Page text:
Students in the Chemistry master’s program acquire advanced, specialized knowledge in experimental and theoretical chemistry. Students build on the skills and knowledge they learned in their undergraduate program in inorganic chemistry, organic chemistry, physical chemistry, and technical chemistry and gain a comprehensive understanding of chemical processes - including the areas where chemistry meets other scientific disciplines. Additionally, students get an overview of the application of computers in chemistry. Extensive compulsory elective and elective components and a research laboratory (Forschungspraktikum) provide students with the opportunity to gain further skills and further specialize their profiles, for instance in biophysical or biological chemistry, technical chemistry, materials science chemistry, synthesis and catalysis, etc. Generally, students are grouped into international and interdisciplinary teams and receive guidance while conducting independent research work.
|Degree||Master of Science|
|Standard period of study||4 semesters|
|Program start||Summer and winter semester|
|Language of instruction||German|
As for every other master’s program at TU Berlin, applicants must provide proof of a first university degree qualifying them for professional work. This degree must be in chemistry or an equivalent natural science discipline.
The Chemistry master’s program is taught in German. If you are applying with a foreign school-leaving certificate, you must provide proof of German skills at a specific level. This is a prerequisite for admission. As some courses/modules may be offered in English and professional literature in chemistry is often published in English, a knowledge of English is useful. However, it is not a condition for admission to studies.
There is a proposed course schedule for the degree program. This is a recommendation for how to complete the degree program within the standard period of study of four semesters. It provides an example of which modules to take in which semesters. While this proposed course schedule is ideal on paper, it is not mandatory. It’s simply an example of how to successfully schedule and shape your studies.
You can find the proposed course schedule in the study and examination regulations. The most current version of the regulations applies to applicants.
The Chemistry master’s degree program consists of modules which combine curriculum content on a specific topic and often include various study and teaching formats. You can find a module list which offers a current overview of all the modules in TU Berlin’s module transfer system (MTS). In the module database you have an overview of which modules are mandatory for your degree program and which are elective. Detailed module descriptions provide information about the content, learning objectives, participation requirements, workload, type of assessment, and much more. The module list is based on the study and exam regulations.To module database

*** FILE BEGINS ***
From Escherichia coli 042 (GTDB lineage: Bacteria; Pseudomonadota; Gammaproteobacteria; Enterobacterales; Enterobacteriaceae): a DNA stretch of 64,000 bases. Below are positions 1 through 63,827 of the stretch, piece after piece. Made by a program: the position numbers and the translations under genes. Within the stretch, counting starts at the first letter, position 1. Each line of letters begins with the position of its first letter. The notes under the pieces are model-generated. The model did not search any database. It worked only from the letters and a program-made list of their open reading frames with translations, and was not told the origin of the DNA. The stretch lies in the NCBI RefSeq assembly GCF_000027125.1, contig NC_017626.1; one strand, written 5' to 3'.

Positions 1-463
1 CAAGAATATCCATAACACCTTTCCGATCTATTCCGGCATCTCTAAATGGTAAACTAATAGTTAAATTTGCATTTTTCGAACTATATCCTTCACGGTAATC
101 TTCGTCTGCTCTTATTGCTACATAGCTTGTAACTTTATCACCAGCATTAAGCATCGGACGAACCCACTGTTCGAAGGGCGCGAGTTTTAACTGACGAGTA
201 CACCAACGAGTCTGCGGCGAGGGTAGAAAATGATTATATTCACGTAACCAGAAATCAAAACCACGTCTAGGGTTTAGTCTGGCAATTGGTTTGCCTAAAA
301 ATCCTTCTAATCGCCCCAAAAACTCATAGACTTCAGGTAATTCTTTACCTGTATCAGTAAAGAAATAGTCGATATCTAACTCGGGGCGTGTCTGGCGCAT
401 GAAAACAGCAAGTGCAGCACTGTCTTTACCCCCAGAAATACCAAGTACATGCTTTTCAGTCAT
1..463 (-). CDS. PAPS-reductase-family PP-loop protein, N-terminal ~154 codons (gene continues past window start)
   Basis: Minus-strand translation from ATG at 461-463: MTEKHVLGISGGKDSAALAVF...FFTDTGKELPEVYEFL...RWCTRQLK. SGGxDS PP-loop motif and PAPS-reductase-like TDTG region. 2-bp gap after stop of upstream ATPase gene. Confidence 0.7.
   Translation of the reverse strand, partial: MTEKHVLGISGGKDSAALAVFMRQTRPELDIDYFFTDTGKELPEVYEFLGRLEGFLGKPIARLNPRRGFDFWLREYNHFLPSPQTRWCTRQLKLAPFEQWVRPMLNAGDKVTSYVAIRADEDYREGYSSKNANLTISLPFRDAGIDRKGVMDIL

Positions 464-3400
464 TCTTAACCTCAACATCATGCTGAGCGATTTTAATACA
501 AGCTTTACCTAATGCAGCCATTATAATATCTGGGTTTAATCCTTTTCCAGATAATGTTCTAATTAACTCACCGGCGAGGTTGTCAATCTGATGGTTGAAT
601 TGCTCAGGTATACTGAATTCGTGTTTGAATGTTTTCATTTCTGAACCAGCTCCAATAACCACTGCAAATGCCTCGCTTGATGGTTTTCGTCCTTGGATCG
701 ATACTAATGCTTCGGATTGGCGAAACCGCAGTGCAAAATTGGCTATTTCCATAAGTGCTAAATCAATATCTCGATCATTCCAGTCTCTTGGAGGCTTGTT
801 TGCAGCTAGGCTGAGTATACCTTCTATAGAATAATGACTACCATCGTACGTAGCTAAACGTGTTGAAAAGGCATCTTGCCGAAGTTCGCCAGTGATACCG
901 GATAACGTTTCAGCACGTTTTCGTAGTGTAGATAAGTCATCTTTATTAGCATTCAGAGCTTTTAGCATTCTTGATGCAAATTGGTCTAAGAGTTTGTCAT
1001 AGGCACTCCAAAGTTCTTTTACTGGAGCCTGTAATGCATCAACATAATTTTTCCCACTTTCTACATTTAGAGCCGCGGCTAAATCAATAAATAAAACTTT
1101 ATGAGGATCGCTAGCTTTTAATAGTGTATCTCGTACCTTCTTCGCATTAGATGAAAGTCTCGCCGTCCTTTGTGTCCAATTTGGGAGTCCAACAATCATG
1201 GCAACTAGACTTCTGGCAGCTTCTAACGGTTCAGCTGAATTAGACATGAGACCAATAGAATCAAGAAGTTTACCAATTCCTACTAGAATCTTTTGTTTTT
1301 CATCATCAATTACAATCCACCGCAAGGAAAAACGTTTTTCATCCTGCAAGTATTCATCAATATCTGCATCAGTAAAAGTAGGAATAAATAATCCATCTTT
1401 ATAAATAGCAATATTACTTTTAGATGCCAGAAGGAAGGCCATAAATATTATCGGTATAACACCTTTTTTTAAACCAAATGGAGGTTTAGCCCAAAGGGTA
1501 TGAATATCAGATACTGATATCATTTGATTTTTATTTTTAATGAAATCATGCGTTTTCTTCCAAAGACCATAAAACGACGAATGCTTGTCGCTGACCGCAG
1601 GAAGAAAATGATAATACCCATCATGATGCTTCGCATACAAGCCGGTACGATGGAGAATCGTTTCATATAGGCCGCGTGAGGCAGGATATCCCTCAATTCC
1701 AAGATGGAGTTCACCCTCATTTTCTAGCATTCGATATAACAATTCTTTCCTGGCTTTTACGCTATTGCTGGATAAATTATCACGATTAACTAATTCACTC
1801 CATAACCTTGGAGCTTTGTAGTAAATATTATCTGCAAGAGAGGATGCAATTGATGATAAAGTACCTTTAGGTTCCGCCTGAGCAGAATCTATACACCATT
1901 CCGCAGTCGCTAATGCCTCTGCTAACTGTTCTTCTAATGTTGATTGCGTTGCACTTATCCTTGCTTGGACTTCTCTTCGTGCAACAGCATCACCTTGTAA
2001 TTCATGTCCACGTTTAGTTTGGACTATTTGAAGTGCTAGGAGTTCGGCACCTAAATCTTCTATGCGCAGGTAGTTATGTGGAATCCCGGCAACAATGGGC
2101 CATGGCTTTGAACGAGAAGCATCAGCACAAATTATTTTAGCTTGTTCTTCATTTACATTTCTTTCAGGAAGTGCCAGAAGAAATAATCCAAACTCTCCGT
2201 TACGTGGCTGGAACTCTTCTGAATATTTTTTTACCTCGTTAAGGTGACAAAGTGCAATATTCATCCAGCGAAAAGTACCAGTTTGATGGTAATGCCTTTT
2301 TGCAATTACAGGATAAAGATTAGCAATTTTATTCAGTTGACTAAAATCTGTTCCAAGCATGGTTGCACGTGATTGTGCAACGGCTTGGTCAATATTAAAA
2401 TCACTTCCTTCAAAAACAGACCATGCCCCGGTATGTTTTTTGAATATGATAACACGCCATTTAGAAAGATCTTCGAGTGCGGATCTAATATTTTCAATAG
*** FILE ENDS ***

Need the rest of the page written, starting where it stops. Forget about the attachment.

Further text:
A non-university internship (work experience placement) is not required.
The proposed course structure offers the opportunity to complete a study-related stay abroad within the standard period of study. The Faculty has staff to assist you with selecting a university and putting together a schedule. You can obtain general information about stays abroad from the TU Berlin International Office (study abroad) and Career Service (internship abroad).
As a chemistry master’s graduate, you possess advanced scientific training and practical skills in the field of chemistry. The curriculum provides you with a comprehensive understanding of the fields of organometallic and complex chemistry, organometallic functional materials, synthesis chemistry and catalysis (strategies, concepts, and methods), physical chemistry, industrial processes and technical catalysis, application of computers in chemistry, inorganic solid-state chemistry and functional materials, and organic chemistry.
Additionally, you have specialized knowledge in closely related scientific disciplines of your choosing. Furthermore, the program places importance on training transferable key skills, meaning students acquire social skills and the ability to critically think, conduct independent scientific work, and act responsibly.
The master's program qualifies you for professional work in chemistry and related professional fields, such as basic and industry research, technical operations, or in industry and administration. Completion of the master’s program also qualifies you to pursue a doctoral degree, particularly in a natural science or technical discipline. Many students studying chemistry choose to pursue a doctoral degree. 80-85% of graduates acquire a doctorate.
Guidance and choosing the right degree program: Academic Advising Service
Questions about the degree program: Course Guidance
General questions: Student Info Services
Application and enrollment: Office of Student Affairs - Graduate Admissions
Recognition of previously acquired credits: Examination Board